Harlan Krumholz: ... who was a famous mathematician at Bell Labs and at Princeton. And for those of you who are aficionados of math, I mean, this guy was responsible for fast Fourier transform—
Howard Forman: Oh, wow.
Harlan Krumholz: ... box plots, the Tukey range test. There’s a whole Tukey correction for statistical significance. I mean, he’s done a lot of stuff. I mean, this guy’s one of the most esteemed mathematicians that we’ve had. He died in 2000 at age 85 after making immense contributions. But one of the things he did was he came up with this way of identifying and excluding an outlier within a data set so that it wouldn’t have untoward influence on the result. And CMS thought, “In order to make sure that our findings are stable year to year, we don’t want one outlier, one that’s really very different than the others to be sort of influencing where our thresholds are for being able to say there is reward or penalty.”
Howard Forman: Right.
Harlan Krumholz: And so they thought, “This seems sensible to do.” I guess Elevance’s methodologists looked at it and said, “Because you did it that way—
Howard Forman: “It hurts us.”
Harlan Krumholz: ... that put us in the penalty zone or put us in a disadvantage, and we want you to get rid of it.” This is the kind of thing where it shouldn’t be based on what the results are. People should be looking at it a priori and trying to decide what the best approach is. It’s just interesting that this is now being brought into public policy.
Howard Forman: It is fascinating. I mean, it’s just not surprising in our capitalist economy that this is how it functions. You can’t get away from that.
Harlan Krumholz: I don’t know if you want to just hit on one more substantive area, which is this article that came out in JAMA Pediatrics this week.
Howard Forman: Oh, yeah. No, definitely. Yeah.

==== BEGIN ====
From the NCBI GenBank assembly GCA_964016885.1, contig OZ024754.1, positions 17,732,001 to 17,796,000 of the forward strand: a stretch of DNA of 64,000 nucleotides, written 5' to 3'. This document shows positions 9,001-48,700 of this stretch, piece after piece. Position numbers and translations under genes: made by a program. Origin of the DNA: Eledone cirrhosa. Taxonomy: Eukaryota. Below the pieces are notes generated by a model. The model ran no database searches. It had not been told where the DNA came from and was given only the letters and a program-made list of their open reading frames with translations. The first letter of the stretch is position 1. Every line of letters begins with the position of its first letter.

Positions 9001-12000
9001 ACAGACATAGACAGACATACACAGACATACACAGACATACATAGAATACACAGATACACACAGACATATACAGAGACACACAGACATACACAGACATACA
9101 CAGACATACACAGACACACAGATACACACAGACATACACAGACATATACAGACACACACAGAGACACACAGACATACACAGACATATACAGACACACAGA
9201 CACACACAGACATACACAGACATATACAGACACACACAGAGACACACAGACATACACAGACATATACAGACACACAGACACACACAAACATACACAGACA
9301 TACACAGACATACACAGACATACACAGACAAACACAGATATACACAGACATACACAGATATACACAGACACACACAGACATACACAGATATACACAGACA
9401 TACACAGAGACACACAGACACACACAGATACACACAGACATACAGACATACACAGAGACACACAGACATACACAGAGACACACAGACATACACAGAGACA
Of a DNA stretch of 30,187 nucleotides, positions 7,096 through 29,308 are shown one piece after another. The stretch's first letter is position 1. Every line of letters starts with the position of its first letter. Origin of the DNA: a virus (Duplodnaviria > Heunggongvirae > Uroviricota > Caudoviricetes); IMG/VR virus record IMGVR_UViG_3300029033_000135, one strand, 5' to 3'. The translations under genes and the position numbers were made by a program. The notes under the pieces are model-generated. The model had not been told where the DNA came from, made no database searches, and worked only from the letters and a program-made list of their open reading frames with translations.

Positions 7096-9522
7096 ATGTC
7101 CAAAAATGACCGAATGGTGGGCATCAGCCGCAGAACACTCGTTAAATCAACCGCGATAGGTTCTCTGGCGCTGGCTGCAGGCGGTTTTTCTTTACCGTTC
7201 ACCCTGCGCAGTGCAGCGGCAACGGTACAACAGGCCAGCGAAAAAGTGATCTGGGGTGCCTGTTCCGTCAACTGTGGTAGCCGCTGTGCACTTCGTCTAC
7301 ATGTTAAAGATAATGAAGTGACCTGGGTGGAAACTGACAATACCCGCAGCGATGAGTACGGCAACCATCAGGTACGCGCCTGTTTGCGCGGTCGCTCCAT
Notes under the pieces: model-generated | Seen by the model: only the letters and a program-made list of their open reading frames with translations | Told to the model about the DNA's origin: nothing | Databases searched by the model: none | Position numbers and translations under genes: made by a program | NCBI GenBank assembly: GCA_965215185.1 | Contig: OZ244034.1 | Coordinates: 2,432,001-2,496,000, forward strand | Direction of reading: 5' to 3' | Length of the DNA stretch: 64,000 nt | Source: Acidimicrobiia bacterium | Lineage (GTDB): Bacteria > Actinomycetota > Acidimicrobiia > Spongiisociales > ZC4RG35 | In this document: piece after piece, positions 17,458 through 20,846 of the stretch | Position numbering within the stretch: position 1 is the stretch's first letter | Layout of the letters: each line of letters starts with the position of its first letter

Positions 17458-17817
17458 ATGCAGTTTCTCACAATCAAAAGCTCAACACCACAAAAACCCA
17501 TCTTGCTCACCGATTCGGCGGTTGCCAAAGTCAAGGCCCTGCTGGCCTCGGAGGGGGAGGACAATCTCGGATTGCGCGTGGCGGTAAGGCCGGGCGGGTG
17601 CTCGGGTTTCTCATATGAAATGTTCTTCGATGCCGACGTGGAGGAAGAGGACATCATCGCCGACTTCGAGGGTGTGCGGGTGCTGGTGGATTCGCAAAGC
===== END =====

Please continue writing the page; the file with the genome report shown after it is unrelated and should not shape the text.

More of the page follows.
Harlan Krumholz: Just to say that it was just questioning the diagnostic accuracy of large language models in pediatric case studies. I thought this was interesting because we’ve seen so many studies come out that say these new AI, artificial intelligence models can pass the boards. They can solve difficult cases. There was a recent study that came out and said that differential diagnosis can be done well out of Google Research and Google DeepMind. There was another one that came out that was saying that... there was an article in New England Journal of Medicine Artificial Intelligence. It said it can solve a lot of complex cases that might appear in the New England Journal too. And yet this one said that it was not doing a very good job for pediatric cases.
I’ll just say my quick take on this is we’re in the first half of the first inning of this thing. So these things are continuing to get better and evolve over time. It’s sort of like taking a snapshot today is wholly inadequate. It doesn’t surprise me that the methodology of these studies are slightly different. What I do know is that when you put this head to head with a person in a room and you ask them, “What does this do?” these large language models do pretty well. And when you do it as an additive clinical decision-making support—
Howard Forman: Assistive. Yeah.
Harlan Krumholz: ... assistive, it helps people, right?
Howard Forman: Yeah.
Harlan Krumholz: So I’ve been bringing this up all the time. It’s like the pilots in the cockpit. I mean, I think that these things can be helpful. But yeah, I’m not ready to declare a verdict based on one study.
Howard Forman: I’m becoming more convinced that this is going to have one of its biggest impacts on medical education, because I think that if we can get confident in how people can access this information, we could spend a little less time fixated on some of the memorization parts of medical education and really stick to the way to think, the way to find information rather than exactly what you have to have memorized in order to pass a board’s exam.